My father, for good reason, is insistent on spending at minimum two full days in the ruins. On our first day we conquered Machu Picchu mountain, the larger of the two famous mountains. The second day we climbed Wayna Picchu- the more famous high peak that is always seen in the backdrop of classic pictures. Both of these ascents require separate reservations as they only allow 200 people a day up each. We were told that they were completely booked through the end of August. If Machu Picchu was not on your travel list, add it - right now.

And Then, There Was Cusco:

After four days we returned to Cusco a little sore, with some bruises, a lot of sunburns (oops), and hundreds of pictures. We had just two days to rest before our next adventure- the 4 day, 3 night trek. In all the times I’ve been to Peru, I’ve never done an extended trek. It takes a lot of planning, it is expensive, and for the most part my sisters and I were too young to make the journey. My Mom has always day dreamed of standing at the foot of Ausangate Mountain, a stunning snowcapped mountain that is visible from Cusco and holds significance in Incan mythology. By making this trek, we finally were making her dream come true.

Like everything else in Peru, a trek like this really needs to be experienced first hand in order to understand the true grandeur. Nature has a way of humbling you, and walking amongst the Andes Mountains was both a spiritual and magical experience. Guiding our trip was Flavio, a seasoned mountaineer from the region. Also along with us was a staff of five including a horsemen, a cook named Charlie Domingo whose talent with a gas camp stove is unmatched, his assistant, and a thirteen year old boy whose job was to accompany us with an emergency horse. Each day there was a different and unique highlight. Day one featured a deep turquoise glacier lake. On the second day we treked along a very steep pass which had views for miles. Three days into our trek we came to the point my mother had dreamed of: an up close look at Ausangate at 17,000 feet. Finally on the last day, we came to a small mountain community with a plethora of really cute puppies. Throughout the hike we saw Andean birds, Vicuña, many alpaca and an animal that resembled a fox which I unfortunately couldn’t identify. As you can imagine I took a ridiculous amount of pictures. Yet every time I would click and check the image I would be extremely disappointed at how it paled in comparison to the actual energy, emotion, and magnificence of the landscapes. I suppose that’s the magic of travel though. You can live vicariously through photography and blogs such as this one, but until you actually get out and experience the sights, breath the air, or immerse yourself in a foreign culture, all you can do is imagine. As powerful as your imagination can be, it still can’t compare to the life experiences gained from actually traveling.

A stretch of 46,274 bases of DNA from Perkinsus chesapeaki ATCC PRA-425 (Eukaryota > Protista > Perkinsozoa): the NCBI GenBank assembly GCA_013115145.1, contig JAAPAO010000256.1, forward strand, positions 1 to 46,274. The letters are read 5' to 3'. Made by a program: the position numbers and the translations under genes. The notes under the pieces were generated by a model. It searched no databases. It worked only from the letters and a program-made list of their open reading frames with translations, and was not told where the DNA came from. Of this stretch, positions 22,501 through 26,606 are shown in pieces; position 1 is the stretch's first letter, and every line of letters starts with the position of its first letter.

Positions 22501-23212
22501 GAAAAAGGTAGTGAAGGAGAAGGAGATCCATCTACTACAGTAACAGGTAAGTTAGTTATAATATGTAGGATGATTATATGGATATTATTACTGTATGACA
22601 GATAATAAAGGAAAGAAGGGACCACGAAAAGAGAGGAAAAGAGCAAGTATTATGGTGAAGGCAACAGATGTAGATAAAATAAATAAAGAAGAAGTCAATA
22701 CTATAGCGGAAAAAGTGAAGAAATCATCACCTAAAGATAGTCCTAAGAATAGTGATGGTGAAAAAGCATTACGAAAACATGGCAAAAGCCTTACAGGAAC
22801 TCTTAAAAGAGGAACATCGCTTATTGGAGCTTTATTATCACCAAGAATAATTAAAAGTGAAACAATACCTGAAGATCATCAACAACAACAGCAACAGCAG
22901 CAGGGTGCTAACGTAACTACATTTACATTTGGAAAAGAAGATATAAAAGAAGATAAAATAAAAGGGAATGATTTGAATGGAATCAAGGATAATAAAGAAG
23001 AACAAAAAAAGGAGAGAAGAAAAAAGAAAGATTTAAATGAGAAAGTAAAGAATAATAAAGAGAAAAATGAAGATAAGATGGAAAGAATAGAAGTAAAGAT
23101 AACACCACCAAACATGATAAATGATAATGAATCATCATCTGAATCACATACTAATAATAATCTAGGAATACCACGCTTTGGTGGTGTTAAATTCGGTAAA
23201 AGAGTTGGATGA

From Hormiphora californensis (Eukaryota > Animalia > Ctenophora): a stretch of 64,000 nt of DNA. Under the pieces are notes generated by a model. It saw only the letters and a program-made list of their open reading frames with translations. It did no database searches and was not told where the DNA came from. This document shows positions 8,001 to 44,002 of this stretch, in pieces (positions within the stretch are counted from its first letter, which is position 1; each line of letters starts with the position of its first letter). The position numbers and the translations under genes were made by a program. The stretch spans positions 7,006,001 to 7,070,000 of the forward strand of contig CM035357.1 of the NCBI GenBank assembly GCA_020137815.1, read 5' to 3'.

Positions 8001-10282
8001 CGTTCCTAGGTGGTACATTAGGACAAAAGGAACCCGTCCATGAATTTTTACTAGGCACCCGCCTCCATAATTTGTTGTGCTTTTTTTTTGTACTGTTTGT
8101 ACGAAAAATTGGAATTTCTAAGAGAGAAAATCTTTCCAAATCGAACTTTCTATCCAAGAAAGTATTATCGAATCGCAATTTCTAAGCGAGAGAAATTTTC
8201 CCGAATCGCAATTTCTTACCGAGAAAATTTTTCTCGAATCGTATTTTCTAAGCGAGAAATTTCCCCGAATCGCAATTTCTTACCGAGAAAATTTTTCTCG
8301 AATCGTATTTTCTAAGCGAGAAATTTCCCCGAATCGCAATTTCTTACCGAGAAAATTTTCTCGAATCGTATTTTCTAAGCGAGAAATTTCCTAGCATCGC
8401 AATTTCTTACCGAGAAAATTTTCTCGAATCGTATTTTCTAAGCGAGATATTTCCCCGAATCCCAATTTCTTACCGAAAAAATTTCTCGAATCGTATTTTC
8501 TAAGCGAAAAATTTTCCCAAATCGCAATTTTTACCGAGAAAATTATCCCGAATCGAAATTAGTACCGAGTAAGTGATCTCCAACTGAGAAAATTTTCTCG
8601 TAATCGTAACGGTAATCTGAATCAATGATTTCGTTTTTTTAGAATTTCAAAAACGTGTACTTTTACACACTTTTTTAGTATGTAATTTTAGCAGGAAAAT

Peru in particular has special place in my heart. As I become more and more aware of the world around me and move into adulthood, I find myself returning each time with experiences that are deeper, more meaningful, and create further self awareness. It has become a place that I cherish deeply, and I can’t wait until my next return.

Mariella Torres may be from Vermont, but her Peruvian ancestry has given her a deep connection to the country. This Summer, Mariella returned yet again to take in the sights, sounds, and smells of Machu Picchu, Lima, and Cusco.

1 Comment

  1. Lance Mead says:

    What a wonderful, beautifully written and illustrated description of a family event.